WASHINGTON -- Osama bin Laden is dead.
President Barack Obama made the dramatic late-night announcement Sunday from the East Room of the White House, ending the long, elusive international manhunt for the leader of the al-Qaida terrorism organization responsible for the Sept. 11 attacks.
"Justice has been done," Obama said in a 10-minute address shortly before midnight.
Bin Laden, perhaps the most reviled man in the eyes of the United States, and much of the world, also was sought in connection with the 1998 bombings of U.S. embassies in east Africa.
A small team of U.S. operatives killed bin Laden on Sunday in Abbottabad, Pakistan, in a suburb 35 miles north of Islamabad, in a helicopter assault on the massive, heavily secured compound where he had been hiding.
Abbottabad also is home of the Pakistan Military Academy -- the equivalent of West Point in the United States.
Bin Laden was shot dead, along with a man believed to be one of his adult sons. His most trusted courier also was killed, as was the courier's brother and a woman one of the men tried to use as a human shield, senior administration officials said. The U.S. team took custody of bin Laden's body and confirmed his identity, Obama said.
The president said a possible lead to bin Laden's whereabouts emerged in August but took "many months" to run down. He determined last week that there was enough intelligence to take action, he said, and gave the order at 8:20 a.m. Friday to take bin Laden.
Celebratory crowds flocked outside the gates of the White House late Sunday and early today, waving U.S. flags and singing the national anthem. Lawmakers from both political parties praised U.S. intelligence, armed forces and Obama, even as they said it didn't end the threat from al- Qaida and Islamic terrorism.
The Middle East woke up to the news of bin Laden's death, which broke around the time of the dawn Islamic prayer. Arabic-language channels interrupted their broadcasts with the news.
Al-Jazeera's Arabic channel juxtaposed live footage of the celebration outside the White House in Washington with archived video of a serene, smiling bin Laden attending a wedding.
"The United States is not and never will be at war with Islam," Obama said. "Bin Laden was not a Muslim leader. He was a mass murderer of Muslims. His demise should be welcomed by all who believe in peace and human dignity."
Only U.S. personnel were involved in the raid, and Obama's decision to launch it wasn't shared with any other country, including Pakistan, whose most powerful intelligence agency, the Inter-Services Intelligence Directorate, long has been suspected by U.S. officials of maintaining links to extremist groups close to al- Qaida.
One senior administration official, who spoke on condition of anonymity as a matter of policy, indicated the United States was pursuing with the Pakistani government the question of whether any Pakistani officials were aware of bin Laden's presence.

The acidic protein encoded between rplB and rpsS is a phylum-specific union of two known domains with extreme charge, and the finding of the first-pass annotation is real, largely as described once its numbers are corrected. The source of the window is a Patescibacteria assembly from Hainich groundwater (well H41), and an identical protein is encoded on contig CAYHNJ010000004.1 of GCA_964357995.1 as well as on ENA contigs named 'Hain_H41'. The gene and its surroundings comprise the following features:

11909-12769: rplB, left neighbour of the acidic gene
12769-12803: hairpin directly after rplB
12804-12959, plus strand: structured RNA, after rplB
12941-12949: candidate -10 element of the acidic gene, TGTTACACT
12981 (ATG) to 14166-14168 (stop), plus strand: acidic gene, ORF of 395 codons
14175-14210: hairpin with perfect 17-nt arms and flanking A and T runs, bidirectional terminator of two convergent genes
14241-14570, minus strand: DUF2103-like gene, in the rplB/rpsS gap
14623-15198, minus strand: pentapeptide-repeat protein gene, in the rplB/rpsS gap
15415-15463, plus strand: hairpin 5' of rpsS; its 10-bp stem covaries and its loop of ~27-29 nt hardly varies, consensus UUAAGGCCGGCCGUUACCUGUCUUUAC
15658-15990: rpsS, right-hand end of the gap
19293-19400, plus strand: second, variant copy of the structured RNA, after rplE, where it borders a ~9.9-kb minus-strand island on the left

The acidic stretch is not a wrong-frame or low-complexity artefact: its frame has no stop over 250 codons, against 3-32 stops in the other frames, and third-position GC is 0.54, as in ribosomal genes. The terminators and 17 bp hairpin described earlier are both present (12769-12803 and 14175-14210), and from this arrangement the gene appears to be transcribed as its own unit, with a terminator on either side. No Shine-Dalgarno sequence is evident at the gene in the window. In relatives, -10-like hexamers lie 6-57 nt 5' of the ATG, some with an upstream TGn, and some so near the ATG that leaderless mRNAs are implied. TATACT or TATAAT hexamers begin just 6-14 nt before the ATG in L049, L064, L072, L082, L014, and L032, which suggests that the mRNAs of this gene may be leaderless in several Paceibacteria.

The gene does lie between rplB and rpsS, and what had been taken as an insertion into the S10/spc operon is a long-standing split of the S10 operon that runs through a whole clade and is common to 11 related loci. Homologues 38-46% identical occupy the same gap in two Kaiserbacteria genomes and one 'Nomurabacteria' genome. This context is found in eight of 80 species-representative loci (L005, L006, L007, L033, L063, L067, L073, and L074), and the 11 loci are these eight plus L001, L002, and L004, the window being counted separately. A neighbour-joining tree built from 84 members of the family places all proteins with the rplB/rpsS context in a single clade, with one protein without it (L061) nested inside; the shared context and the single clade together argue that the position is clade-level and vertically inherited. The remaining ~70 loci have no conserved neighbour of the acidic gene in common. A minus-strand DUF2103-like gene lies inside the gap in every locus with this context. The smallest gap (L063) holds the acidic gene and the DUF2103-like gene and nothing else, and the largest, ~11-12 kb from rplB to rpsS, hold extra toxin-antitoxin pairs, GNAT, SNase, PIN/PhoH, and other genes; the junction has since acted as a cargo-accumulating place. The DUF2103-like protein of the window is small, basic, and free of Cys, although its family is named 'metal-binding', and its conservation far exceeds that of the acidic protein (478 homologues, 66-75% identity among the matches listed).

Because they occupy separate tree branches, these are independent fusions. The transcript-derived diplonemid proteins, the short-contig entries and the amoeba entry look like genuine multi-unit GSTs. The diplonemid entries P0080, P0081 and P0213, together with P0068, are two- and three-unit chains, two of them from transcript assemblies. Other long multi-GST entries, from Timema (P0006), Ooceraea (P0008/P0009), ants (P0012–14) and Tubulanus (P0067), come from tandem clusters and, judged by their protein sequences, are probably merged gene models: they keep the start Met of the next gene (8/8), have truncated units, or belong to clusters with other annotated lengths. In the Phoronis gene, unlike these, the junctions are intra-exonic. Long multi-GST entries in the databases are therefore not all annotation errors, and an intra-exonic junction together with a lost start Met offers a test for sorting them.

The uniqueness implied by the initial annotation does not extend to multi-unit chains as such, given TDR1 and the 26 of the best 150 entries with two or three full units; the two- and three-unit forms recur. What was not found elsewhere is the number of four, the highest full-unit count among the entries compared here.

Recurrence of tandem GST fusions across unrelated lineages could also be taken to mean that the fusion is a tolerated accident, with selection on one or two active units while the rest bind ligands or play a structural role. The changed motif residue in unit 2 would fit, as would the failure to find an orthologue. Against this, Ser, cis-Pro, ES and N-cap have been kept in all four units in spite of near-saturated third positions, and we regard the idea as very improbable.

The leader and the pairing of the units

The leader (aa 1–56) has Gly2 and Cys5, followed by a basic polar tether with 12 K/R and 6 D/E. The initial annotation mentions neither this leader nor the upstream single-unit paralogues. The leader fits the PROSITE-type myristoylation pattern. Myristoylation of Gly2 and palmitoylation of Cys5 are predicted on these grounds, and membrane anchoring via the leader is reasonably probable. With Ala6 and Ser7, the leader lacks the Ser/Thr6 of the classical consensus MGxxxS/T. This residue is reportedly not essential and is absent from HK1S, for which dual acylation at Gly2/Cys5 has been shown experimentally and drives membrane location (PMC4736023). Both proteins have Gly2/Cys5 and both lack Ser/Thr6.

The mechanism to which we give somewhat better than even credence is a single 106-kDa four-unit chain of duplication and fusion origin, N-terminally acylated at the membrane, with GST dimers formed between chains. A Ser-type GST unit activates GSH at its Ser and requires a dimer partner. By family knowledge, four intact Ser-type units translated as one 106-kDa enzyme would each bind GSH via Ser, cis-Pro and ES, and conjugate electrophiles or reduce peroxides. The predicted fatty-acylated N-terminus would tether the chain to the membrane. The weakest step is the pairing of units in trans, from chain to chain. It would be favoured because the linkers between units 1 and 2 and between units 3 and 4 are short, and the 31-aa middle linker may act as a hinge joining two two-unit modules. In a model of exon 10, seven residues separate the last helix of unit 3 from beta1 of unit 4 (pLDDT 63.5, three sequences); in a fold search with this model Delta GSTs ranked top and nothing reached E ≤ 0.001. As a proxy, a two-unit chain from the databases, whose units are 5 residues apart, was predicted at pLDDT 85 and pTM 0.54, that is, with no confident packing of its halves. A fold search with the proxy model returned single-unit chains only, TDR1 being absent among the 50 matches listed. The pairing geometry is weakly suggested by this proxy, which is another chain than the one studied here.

"We are very concerned that he was inside Pakistan," he said.
There was no move to raise the national terrorism-alert level in the United States, although some politicians expressed concerns.
Rep. Allen West, R-Fla., a freshman lawmaker, said on Twitter: "We must be ready for retaliation from Islamic world."
Bin Laden has been the target of history's most intense international manhunt, an operation that's focused on the remote tribal areas of Pakistan and neighboring Afghanistan.
While bin Laden's death will represent a major blow to the international terrorist network that he led, U.S. officials long have said that it will not end the threat of Islamic extremism because al-Qaida has metastasized into lethal branches based in Yemen and North Africa, and has inspired militants around the world.
Bin Laden's death represents a major boost for Obama, coming as he struggles with an uncertain economic recovery and mixed public sentiment about the U.S. approach to civilian uprisings in Libya through the Middle East and North Africa.
Even as Obama jabbed Donald Trump in a domestic politics monologue at Saturday night's celebrity- studded White House Correspondents' Association dinner, he knew the mission to take bin Laden was under way.
But bin Laden's death is unlikely to alter the course of the insurgency in neighboring Afghanistan, where U.S. troops remain at war and where al-Qaida has been playing a secondary role to the Taliban and allied militant groups.
Vice President Joe Biden notified several lawmakers by phone Sunday evening. Sen. Lindsey Graham, R-S.C., said he guessed why Biden might be calling him. "Did we get the bastard?" Graham asked, and Biden responded: "We got him."
Graham, the only member of Congress to have served active duty in Afghanistan and Iraq as a colonel in the Air Force Reserve, said bin Laden's death was deeply satisfying.
"The message of this event is that if you choose to do harm to the American people and try to destroy our way of life, there is no place to hide and no passage of time will keep you safe," Graham said.
On Arabic TV, experts were divided about the impact on the al-Qaida terrorist network.
Some said the "martyrdom" of bin Laden could win new recruits and inject new life into an organization that had grown increasingly irrelevant, especially in the wake of Arab revolts in which ordinary people -- not Islamist groups and not foreign governments -- demanded greater freedoms from authoritarian governments.
Other commentators, however, said al-Qaida already had evolved into a mostly leaderless group that's loosely organized via the Internet with self- declared "members" acting independently around the globe.
Hannah Allam in Cairo; special correspondents Saeed Shah in Islamabad, Pakistan, and Hashim Shukoor in Kabul, Afghanistan; and James Rosen, Lesley Clark and David Lightman in Washington contributed to this story.